The U.S. Fish and Wildlife Service on Wednesday gave notice to states that are allowing liberal wolf hunting and trapping seasons that their actions may warrant wolves going back on the federal endangered species list.
The agency said that it will consider a petition to relist wolves as endangered in the western U.S. and Rocky Mountains. The petition was submitted by the Center for Biological Diversity, the Humane Society of the United States, Humane Society Legislative Fund and the Sierra Club.
The agency stopped short of granting an emergency petition to immediately relist wolves as federally endangered. But federal officials effectively agreed with the environmental groups that some western states — especially Idaho and Montana — have enacted policies that allow too much wolf killing.
“Based on our review, we find that the petitions present substantial scientific or commercial information indicating that the petitioned actions may be warranted,’’ the agency said in its notice released Wednesday.
Federal law requires the agency to make a final decision by May 26, 2022, one year from when the petition was filed.
While the action doesn't directly affect wolves in the Great Lakes region, wolf supporters say the federal action should put Wisconsin on notice after a February wolf hunt killed more than 200 wolves in 72 hours and with Wisconsin planning to allow for the killing of up to 300 more wolves in November.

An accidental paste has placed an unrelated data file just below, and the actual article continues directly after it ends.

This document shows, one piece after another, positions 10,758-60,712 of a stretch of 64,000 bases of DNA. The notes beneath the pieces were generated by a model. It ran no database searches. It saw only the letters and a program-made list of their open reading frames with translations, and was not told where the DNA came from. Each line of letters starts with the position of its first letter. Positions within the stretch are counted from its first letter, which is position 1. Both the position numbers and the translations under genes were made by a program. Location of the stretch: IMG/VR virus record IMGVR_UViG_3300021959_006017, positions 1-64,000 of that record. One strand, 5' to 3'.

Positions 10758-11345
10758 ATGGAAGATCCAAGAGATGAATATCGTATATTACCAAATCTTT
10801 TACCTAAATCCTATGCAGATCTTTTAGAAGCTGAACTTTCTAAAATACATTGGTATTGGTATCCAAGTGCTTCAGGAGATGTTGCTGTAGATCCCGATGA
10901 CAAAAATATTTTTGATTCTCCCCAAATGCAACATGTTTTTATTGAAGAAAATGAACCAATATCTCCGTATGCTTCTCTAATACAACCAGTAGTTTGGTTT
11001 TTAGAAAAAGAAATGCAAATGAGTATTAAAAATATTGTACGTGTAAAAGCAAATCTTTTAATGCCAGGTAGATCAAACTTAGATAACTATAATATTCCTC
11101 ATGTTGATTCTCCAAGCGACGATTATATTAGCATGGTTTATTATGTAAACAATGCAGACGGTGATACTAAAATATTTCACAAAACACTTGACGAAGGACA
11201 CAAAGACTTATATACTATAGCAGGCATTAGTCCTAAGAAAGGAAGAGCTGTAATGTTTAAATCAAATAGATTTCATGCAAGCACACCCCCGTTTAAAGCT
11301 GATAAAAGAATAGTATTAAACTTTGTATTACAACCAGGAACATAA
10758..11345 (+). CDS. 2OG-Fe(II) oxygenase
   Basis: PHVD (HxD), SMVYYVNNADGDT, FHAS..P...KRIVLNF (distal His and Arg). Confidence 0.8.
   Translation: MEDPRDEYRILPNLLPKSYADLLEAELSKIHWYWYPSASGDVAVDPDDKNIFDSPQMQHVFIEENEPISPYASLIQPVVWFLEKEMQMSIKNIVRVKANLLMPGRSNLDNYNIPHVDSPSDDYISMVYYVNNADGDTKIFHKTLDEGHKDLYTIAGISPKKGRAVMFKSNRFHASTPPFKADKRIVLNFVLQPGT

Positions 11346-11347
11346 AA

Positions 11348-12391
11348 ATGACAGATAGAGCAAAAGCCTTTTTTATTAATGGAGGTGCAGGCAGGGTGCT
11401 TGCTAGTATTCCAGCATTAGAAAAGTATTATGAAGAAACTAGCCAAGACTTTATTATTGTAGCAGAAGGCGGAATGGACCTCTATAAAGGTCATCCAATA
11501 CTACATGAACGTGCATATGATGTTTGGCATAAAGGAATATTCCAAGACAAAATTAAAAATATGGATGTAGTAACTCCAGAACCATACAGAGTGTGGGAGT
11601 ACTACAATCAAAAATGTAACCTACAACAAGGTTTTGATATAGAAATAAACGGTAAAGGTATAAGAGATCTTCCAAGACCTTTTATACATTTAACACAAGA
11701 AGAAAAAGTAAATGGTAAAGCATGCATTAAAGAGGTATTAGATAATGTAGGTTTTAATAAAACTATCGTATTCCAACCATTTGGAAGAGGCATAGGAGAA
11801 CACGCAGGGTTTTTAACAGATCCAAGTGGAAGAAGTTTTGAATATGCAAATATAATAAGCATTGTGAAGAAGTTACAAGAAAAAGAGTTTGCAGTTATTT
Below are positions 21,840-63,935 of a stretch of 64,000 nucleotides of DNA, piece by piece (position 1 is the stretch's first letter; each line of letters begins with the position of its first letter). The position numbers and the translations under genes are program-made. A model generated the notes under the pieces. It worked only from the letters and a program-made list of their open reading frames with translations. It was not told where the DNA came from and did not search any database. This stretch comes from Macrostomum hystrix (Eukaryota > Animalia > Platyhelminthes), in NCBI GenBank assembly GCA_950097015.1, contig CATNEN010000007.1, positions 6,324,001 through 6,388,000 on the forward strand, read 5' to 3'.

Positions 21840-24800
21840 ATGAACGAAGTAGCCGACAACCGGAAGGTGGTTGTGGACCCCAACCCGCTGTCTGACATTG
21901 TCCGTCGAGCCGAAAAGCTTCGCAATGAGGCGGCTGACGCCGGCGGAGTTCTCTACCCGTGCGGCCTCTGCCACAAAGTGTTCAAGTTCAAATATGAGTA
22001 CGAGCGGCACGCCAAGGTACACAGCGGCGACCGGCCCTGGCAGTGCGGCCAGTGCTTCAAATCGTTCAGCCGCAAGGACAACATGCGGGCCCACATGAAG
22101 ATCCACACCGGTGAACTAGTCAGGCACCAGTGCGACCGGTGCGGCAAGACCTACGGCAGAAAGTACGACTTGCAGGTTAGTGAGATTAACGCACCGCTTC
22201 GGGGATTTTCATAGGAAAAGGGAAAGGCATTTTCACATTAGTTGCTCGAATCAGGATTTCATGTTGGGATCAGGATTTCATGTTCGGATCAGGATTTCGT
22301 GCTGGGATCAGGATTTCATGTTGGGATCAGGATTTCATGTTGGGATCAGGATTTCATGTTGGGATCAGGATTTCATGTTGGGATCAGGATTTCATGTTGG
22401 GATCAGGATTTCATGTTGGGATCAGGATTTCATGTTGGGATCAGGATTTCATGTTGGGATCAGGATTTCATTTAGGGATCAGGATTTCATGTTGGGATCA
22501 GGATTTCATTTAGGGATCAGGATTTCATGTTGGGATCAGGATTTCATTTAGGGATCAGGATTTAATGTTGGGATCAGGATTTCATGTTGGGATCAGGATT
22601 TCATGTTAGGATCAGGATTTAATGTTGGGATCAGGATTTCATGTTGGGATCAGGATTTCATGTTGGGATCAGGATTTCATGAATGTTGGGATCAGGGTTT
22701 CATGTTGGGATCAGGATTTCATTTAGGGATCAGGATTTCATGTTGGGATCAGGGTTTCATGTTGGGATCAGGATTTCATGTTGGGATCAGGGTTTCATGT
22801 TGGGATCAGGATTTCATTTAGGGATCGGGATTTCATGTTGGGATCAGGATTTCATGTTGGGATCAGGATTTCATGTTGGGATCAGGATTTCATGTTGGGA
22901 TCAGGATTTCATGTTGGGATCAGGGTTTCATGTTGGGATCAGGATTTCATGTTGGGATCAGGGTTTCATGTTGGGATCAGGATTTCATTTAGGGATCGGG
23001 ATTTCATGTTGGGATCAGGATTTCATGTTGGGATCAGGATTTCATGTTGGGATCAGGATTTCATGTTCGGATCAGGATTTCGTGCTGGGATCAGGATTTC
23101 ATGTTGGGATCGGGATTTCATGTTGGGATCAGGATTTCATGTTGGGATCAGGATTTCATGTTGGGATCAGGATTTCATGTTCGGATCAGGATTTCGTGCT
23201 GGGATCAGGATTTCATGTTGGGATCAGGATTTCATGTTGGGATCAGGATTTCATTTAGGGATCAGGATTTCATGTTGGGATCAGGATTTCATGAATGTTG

“Today’s decision by the Service is a step toward recognizing serious new threats to wolves from hostile state management policies, but it falls short in granting the emergency protection that wolves need right now,” said Bonnie Rice, senior representative with Sierra Club’s Our Wild America campaign, in a statement. “The goal of Montana and Idaho’s extreme new laws is to decimate wolf populations in the northern Rockies. It makes no sense to allow wolves to be driven back to the brink of extinction and reverse over 40 years of wolf recovery efforts.”
The decision comes one day after groups representing more than 200 Native American tribes asked the Biden administration to reconsider its stand on wolves. The administration in August said it would not overturn the Trump-era move to end federal protections for wolves. That move in January handed wolf management back to individual states and tribes. But tribal officials have opposed the delisting and are calling on the Biden administration to honor treaty and trust obligations that require consultation with the tribes on protection and management of gray wolves.
Wolf supporters say Idaho’s new law allows killing of up to 90% of the state’s wolf population. It calls for private contractors to kill wolves, allows hunters and trappers to kill an unlimited number of wolves and permits trapping year-round on private lands across the state. People can also chase wolves with hounds or run them over with all-terrain vehicles and snowmobiles.
Montana’s new laws could kill as many as 85% of the state’s wolf population. The state allows the use of snares, night hunting and bait to hunt and trap wolves. Hunters and trappers can kill up to 10 wolves each and can be reimbursed for their expenses killing wolves through a new bounty program.
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Wisconsin hunters are allowed to use tracking hounds, traps and night-vision goggles to take wolves during seasons. Wisconsin’s planned November hunt will occur nine months after an unprecedented February wolf season when hunters and trappers killed 216 wolves in less than three days, 82% above the quota of 119 wolves set by the DNR. That total harvest during the February court-ordered wolf season means hunters and trappers killed nearly 20% of Wisconsin's estimated total wolf population of about 1,100 in less than 72 hours.
Minnesota, with by far the most wolves of any state outside Alaska, so far has delayed any action on wolf hunting or trapping until at least 2022.